With expenditures reaching over 1,162 billion U.S. dollars, the United States is the one of the largest construction markets worldwide. The local construction industry has shifted into a higher gear as new residential towers keep coming out of the ground. Construction firms have been on track with an estimated $14.3 billion in residential and commercial projects in the Chicago area.

James Hill outside of his normal work hours for the State of Illinois Department of Human Services – was instrumental in helping Dennis Hood in developing his back office or financial side the of his company without pay.

Mr. Hill has a background in he as BA in Economics in Business from Morehouse College. He is also an entrepreneur and has worked for the Mayor’s office of Intergovernmental Affairs. Along with being the President of the National Black Agenda Consortium.

Part of his passion is economic and job development in the African-American Community. “With hood starting his own CHA resident owned company to go in the construction area, I thought it was just a real opportunity for the community as a whole for Hood in Job development and to see that its successful was very important to me. That is why I do whatever I can in terms of helping to advise and to keep him on the straight and narrow,” said Hill.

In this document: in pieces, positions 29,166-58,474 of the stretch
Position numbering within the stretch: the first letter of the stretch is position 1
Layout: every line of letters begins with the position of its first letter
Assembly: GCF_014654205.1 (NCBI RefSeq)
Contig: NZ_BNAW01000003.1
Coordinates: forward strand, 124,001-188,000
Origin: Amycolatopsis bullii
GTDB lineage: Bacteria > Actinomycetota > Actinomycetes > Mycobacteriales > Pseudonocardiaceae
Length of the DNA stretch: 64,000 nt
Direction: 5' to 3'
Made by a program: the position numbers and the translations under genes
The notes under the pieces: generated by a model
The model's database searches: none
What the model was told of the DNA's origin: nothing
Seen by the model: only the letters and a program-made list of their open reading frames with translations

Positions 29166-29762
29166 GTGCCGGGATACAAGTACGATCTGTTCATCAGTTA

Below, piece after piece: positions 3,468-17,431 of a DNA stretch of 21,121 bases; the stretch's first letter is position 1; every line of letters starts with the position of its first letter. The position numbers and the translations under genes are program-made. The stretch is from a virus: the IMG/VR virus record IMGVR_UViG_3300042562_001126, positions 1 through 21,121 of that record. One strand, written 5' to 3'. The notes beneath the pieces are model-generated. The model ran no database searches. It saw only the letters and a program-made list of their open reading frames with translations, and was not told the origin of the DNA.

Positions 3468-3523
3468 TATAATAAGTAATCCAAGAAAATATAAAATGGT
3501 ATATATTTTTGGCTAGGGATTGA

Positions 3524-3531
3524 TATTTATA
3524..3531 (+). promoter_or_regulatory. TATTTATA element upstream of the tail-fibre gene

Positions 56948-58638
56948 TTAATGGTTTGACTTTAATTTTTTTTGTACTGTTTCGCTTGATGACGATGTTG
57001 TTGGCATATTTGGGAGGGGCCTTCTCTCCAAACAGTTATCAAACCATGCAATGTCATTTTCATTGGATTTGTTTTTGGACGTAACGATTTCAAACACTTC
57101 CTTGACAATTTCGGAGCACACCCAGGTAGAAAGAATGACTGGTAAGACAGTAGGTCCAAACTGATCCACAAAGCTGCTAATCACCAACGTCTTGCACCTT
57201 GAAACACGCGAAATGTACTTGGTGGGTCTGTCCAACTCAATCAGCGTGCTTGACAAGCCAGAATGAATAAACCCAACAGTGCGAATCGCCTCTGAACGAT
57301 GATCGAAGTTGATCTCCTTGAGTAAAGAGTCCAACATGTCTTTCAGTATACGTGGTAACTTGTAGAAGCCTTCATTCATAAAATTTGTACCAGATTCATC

Eugene Jones Jr. , the CEO of CHA has  been instrumental in the success of the JOC program. Based on his living in CHA for sixty years as resident Dennis Hood stated, “Eugene Jones is the best I have ever seen.” Jones is directly responsible for implementing CHA’s extensive redevelopment program. “Eugene took CHA in a new direction so that it would not be under the probation and cloud of confusion that it once was. He opened up the process of which now the whole nation is watching,” said Paul McKinley.

Dennis Hood was also passionate about how Don Biernacki was vital in their success. Don is Senior Vice-President of Construction at Related Midwest. Over the past four years, Related Midwest has awarded more than $61 million in contracts to small and local businesses ranging from landscaping to fencing to general construction. In addition to contracting with new and local minority and women-owned businesses, Related Midwest also provides mentorship, business support and training to community entrepreneurs, according to Chicago Construction News.

Mr. Hood and Paul McKinley keep their focus on making sure their construction business is a success. They are assisted by their foremen and staff. With the success of projects like the Lathrop Homes, the JOC program will continue to produce opportunities.

Former NLCP Basketball Player Martrell Barnes Makes the Right Move

By Todd Thomas